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 How to Cook Meat


by Chris Schlesinger, John Willoughby            

Chef James Review
This is the most complete guide to cooking meat you will find. A guide to buying meat, what cooking methods work best with which cuts of meat, and 200 recipes. Schlesinger is chef/owner of the East Coast Grill in Cambridge, Massachusetts and a 'Best Chef' James Beard Award winner.  Willoughby is the senior editor of Cooks Illustrated Magazine.
Together, they came up with one great book on cooking meat. I consider this a kitchen essential.
Chef James

Want to learn about meat? Really learn? Then How to Cook Meat is your book. In great and enjoyable detail it explores beef, veal, lamb, and pork--which cuts to buy, what cooking methods suit each, how to judge doneness, and much, much more. Authors Chris Schlesinger and John Willoughby, responsible for the bestselling Thrill of the Grill, also provide more than 200 explicit recipes that comprise a wide range of dishes, from prime-rib roasts to hearty stews, lamb-shoulder braises to grilled pork fillets--and they even cover innards and specialty cuts such as ham hocks. It's hard to imagine a meat lover who wouldn't benefit from this comprehensive yet approachable investigation.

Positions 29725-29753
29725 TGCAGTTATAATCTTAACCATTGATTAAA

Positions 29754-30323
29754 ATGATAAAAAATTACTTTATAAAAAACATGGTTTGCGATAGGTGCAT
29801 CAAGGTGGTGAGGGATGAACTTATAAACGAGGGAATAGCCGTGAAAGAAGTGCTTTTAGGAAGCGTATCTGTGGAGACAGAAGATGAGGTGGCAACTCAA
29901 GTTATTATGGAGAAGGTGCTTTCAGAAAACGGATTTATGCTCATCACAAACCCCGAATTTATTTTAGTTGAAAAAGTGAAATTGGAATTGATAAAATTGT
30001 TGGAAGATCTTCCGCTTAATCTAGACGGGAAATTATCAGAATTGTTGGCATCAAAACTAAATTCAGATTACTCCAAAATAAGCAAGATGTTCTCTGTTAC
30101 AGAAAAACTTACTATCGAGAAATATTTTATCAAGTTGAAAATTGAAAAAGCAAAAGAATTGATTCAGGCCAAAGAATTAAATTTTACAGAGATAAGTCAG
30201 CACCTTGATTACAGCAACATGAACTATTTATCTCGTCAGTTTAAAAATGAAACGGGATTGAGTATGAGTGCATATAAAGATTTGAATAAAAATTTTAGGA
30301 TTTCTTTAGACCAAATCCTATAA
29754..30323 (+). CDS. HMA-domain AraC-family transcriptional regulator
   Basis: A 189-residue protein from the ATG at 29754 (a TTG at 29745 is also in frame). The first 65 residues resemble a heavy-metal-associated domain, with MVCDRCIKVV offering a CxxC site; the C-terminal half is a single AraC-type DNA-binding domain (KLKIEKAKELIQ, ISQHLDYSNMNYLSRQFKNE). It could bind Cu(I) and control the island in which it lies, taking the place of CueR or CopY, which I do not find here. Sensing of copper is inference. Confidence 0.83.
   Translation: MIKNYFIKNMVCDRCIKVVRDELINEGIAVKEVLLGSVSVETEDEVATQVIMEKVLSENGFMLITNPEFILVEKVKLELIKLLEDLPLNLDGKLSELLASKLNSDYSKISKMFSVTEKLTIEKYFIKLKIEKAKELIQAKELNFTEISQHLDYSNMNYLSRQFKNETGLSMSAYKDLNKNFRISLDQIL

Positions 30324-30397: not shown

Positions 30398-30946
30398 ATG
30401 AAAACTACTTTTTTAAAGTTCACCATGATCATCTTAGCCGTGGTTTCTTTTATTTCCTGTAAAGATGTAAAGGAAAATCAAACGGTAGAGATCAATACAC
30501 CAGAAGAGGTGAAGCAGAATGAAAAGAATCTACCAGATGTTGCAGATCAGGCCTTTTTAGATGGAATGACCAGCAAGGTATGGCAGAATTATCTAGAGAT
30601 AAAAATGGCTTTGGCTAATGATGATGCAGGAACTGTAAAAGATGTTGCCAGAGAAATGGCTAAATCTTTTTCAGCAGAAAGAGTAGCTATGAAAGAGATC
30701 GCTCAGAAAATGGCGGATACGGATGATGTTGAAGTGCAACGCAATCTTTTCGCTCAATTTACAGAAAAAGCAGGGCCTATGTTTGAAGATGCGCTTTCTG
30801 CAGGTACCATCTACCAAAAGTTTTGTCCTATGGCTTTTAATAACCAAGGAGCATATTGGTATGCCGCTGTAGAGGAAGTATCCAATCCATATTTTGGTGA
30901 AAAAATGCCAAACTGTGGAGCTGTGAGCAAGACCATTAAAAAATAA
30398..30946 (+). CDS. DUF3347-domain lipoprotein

Staring with illuminating notes on butchering and meat grading, the supermarket versus butcher meat-buying issue, and other related matters, the book then provides ample notes on cooking techniques. Recipes for the major meat types follow, organized usefully by cut size and tenderness; these treat the most melting cuts, which can stand quick cooking, to the tougher (though often more flavorful) ones that demand braising or stewing. Particularly attractive recipes include Sage-Rubbed Roasted Loin of Beef with Shallot-Bourbon Sauce; Veal, Sausage, and Fava Bean Stew with Lemony Greens; and Traditional Dry-Rubbed Saint Louis-Style Pork Spareribs. With additional recipes for the likes of hash browns and rice, beans, and vegetable sides, plus useful tips, nomenclature, and substitution notes, the book is a real addition to the kitchen library, though it won't remain shelved for long.
--Arthur Boehm,



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